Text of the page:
Identifying development and climate vulnerability hotspots
Understanding the interplay between multiple climate change risks and socioeconomic development is increasingly required to inform policies to manage these risks in pursuit of the sustainable development agenda. To this end, IIASA researchers working on the Integrated Solutions for Water, Energy, and Land (ISWEL) project conducted a comprehensive assessment of the potential exposure of global and vulnerable populations to multi-sectoral climate risk hotspots under different levels of global warming.
The 21st century will see the global population increase from 7.5 billion in 2017, to an expected 8.5-10 billion in 2050 . Future populations will be exposed to a growing range of climate change hazards of varying intensities, with some areas–or hotspots–exposed to more risks than others . These risks are not just dependent on the severity of climate change and subsequent hazards, but also hinges critically on the population’s exposure, and their vulnerability and capacity to prepare for and manage changing risks. Recently, a few studies have brought attention to the fact that the world’s poorest are disproportionately exposed to climate risks, such as changes in temperature extremes and challenging hydro-climatic complexity .
In order to inform effective, integrated policy responses to these problems, it is necessary to assess the exposure of future global and vulnerable populations to multi-sector climate impact hotspots. IIASA researchers working on the ISWEL project investigated where the main multi-sector risk hotspots are located globally, how they might change with higher levels of global mean temperature rise, and to what extent socioeconomic development and poverty reduction can reduce risks. The results of their assessments indicate that, although global exposure to multi-sector risks will affect a relatively small fraction of global land area, the risks to human populations will be large.
The general structure of the assessment comprised the development of 14 climate and development indicators across the water, energy, and land sectors, and the aggregation of impacts and risks using new and established methods to produce multi-sector risk hotspot maps. These maps were then compared for 1.5°C, 2.0°C, and 3.0°C changes in global mean temperature above pre-industrial conditions. The exposure of global and vulnerable populations (i.e., those with an income of less than US$10 per day) was also investigated using three socioeconomic projections from the Shared Socioeconomic Pathways (SSPs 1-3). The results of these assessments are presented at the global grid and Intergovernmental Panel on Climate Change (IPCC) region scales.Looking to understand the differences between the temperature targets in the Paris Agreement, the researchers found that the differences between 1.5 and 2.0°C were considerably larger than expected. The increase in exposed population to multi-sector risks almost doubles from 1.5 to 2.0 °C, and similarly doubles again at 3.0°C (from 1.5 to 2.7 to 4.6 billion). Both the scale of and the differences between these numbers underline the benefits of climate mitigation that will be experienced across the world, predominantly in developing regions. For populations vulnerable to poverty, the importance of targeted poverty eradication to reduce vulnerability is clear. The differences between the SSP1 (sustainability–affluent, low inequality, high education) and the SSP3 (rocky road–development failures, high inequality, low education) socioeconomic pathways, potentially alters the number of exposed and vulnerable population by an order of magnitude. In all scenarios, the exposed and vulnerable population lie disproportionately in Asian and African regions (91-98%), with approximately half living in South Asia alone. As the most undeveloped region, Africa faces worse risks than most regions, especially in high inequality socioeconomic scenarios and high warming climate scenarios.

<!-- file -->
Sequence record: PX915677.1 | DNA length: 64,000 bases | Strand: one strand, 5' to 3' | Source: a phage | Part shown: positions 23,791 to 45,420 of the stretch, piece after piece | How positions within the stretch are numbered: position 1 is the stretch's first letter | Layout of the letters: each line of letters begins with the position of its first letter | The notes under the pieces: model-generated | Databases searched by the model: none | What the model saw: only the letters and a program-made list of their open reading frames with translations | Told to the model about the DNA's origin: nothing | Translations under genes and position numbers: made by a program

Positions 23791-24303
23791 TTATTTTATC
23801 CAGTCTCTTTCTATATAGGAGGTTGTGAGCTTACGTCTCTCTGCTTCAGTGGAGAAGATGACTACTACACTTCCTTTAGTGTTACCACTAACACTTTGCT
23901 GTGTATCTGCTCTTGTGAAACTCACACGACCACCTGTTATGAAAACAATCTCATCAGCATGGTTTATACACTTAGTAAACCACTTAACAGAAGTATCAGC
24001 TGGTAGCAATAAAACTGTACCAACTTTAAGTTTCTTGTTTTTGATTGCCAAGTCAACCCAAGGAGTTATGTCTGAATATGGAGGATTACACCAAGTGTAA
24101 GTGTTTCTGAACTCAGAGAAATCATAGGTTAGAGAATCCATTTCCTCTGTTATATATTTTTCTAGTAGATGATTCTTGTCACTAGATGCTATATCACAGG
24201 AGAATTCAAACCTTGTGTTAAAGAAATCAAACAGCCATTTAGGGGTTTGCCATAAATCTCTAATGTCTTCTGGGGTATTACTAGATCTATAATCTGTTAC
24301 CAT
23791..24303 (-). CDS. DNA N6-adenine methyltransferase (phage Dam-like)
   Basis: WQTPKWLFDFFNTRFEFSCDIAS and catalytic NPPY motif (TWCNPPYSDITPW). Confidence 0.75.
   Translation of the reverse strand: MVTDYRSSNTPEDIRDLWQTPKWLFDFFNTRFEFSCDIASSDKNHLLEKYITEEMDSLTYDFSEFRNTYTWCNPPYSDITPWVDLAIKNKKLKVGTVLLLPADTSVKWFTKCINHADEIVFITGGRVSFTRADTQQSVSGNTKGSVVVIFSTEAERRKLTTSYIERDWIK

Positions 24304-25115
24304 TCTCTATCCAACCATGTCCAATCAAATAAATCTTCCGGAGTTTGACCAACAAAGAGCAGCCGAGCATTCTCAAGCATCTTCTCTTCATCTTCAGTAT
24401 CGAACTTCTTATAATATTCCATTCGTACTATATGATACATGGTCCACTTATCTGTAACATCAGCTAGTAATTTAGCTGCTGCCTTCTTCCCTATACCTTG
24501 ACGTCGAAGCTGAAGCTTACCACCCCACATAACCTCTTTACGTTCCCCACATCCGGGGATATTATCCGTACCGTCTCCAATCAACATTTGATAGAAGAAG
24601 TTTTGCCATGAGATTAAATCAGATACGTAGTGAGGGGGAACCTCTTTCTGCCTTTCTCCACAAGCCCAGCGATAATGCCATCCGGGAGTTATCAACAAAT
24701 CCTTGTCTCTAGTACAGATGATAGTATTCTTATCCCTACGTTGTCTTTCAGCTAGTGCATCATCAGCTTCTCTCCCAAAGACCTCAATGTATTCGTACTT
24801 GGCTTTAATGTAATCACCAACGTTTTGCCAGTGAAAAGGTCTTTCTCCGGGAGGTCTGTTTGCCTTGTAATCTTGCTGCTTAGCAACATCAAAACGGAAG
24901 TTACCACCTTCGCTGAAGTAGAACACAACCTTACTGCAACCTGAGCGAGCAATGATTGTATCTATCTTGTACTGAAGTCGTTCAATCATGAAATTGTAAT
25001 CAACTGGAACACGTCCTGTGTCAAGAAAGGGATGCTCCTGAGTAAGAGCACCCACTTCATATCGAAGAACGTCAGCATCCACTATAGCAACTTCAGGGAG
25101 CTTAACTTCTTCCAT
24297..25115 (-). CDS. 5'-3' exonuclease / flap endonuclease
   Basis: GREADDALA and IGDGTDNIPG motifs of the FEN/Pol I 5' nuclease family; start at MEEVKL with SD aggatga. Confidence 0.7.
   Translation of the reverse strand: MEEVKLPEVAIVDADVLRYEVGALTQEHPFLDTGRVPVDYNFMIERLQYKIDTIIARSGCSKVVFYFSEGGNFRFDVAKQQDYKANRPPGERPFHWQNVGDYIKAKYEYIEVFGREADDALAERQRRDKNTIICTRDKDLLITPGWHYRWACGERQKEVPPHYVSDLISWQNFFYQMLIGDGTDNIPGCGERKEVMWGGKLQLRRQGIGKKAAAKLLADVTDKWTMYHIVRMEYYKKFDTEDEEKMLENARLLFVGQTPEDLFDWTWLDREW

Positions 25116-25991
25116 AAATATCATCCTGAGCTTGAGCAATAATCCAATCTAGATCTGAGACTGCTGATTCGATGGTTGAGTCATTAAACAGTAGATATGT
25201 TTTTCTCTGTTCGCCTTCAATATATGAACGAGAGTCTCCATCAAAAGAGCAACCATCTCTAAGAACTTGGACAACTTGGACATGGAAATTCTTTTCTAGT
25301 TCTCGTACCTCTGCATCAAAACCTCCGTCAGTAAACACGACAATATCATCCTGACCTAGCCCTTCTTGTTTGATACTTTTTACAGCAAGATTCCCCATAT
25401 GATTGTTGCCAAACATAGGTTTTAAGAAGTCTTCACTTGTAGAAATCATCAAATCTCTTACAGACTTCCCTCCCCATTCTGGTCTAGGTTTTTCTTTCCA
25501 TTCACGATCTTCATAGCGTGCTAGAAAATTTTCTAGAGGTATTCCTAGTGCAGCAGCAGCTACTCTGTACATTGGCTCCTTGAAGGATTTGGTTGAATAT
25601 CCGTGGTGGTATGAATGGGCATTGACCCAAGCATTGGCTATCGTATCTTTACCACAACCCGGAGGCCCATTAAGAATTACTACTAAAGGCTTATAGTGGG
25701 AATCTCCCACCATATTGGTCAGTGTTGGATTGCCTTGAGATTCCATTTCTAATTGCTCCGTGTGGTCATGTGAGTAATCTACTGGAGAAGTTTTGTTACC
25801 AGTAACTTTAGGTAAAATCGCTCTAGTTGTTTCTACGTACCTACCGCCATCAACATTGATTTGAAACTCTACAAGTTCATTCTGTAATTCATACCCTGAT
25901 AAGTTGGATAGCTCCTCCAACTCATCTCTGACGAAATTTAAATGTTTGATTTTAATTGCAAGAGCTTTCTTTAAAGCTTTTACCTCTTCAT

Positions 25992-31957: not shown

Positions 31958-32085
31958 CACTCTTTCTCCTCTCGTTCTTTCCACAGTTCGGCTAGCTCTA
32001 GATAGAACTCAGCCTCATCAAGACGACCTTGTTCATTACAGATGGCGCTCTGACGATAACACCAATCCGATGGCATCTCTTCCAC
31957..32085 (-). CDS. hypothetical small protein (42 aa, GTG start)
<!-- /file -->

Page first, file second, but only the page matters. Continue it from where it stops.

Climate mitigation alone will not be enough to reduce the exposure of the world’s poorest, who will still be vulnerable to impacts at 1.5°C. According to the researchers, action to rapidly reduce inequality, eradicate poverty, and promote proactive adaptation through mechanisms such as the Sustainable Development Goals, would greatly reduce the size of exposed and vulnerable populations, especially if co-benefits for climate mitigation also accrue.
 KC S & Lutz W (2014). Demographic scenarios by age, sex and education corresponding to the SSP narratives. Population and Environment 35 (3): 243-260.
 Piontek F, Mueller C, Pugh TAM, Clark DB, Deryng D, Elliott J, González FGC, Flörke M, et al. (2014). Multisectoral climate impact hotspots in a warming world. Proceedings of the National Academy of Sciences USA 111 (9): 3233-3238.
 Satoh Y, Kahil T, Byers E, Burek P, Fischer G, Tramberend S, Greve P, Flörke M, et al. (2017). Multi-model and multi-scenario assessments of Asian water futures: the Water Futures and Solutions (WFaS) initiative. Earth’s Future 5 (7): 823-852.
 Byers E, Gidden M, Leclere D, Burek P, Ebi KL, Greve P, Grey D, Havlik P, et al. (2018). Global exposure and vulnerability to multi-sector development and climate change hotspots. Environmental Research Letters
- Edward Byers, Matthew Gidden, Juraj Balkovic, Peter Burek, Peter Greve, Petr Havlik, Nils Johnson, Taher Kahil, Volker Krey, Simon Langan, David Leclère, Nebjosa Nakicenovic, Michael Obersteiner, Shonali Pachauri, Amanda Palazzo, Simon Parkinson, Narasimha Rao, Joeri Rogelj, Yusuke Satoh, Yoshihide Wada, Barbara Willaarts, Keywan Riahi
- Global Environment Facility (GEF) (Astrid Hillers)
- United Nations Industrial Development Organization (UNIDO) (Robert Novak)
- University of Washington (Kristie Ebi)
- University of Oxford (David Grey)
Top image © Piyaset | Shutterstock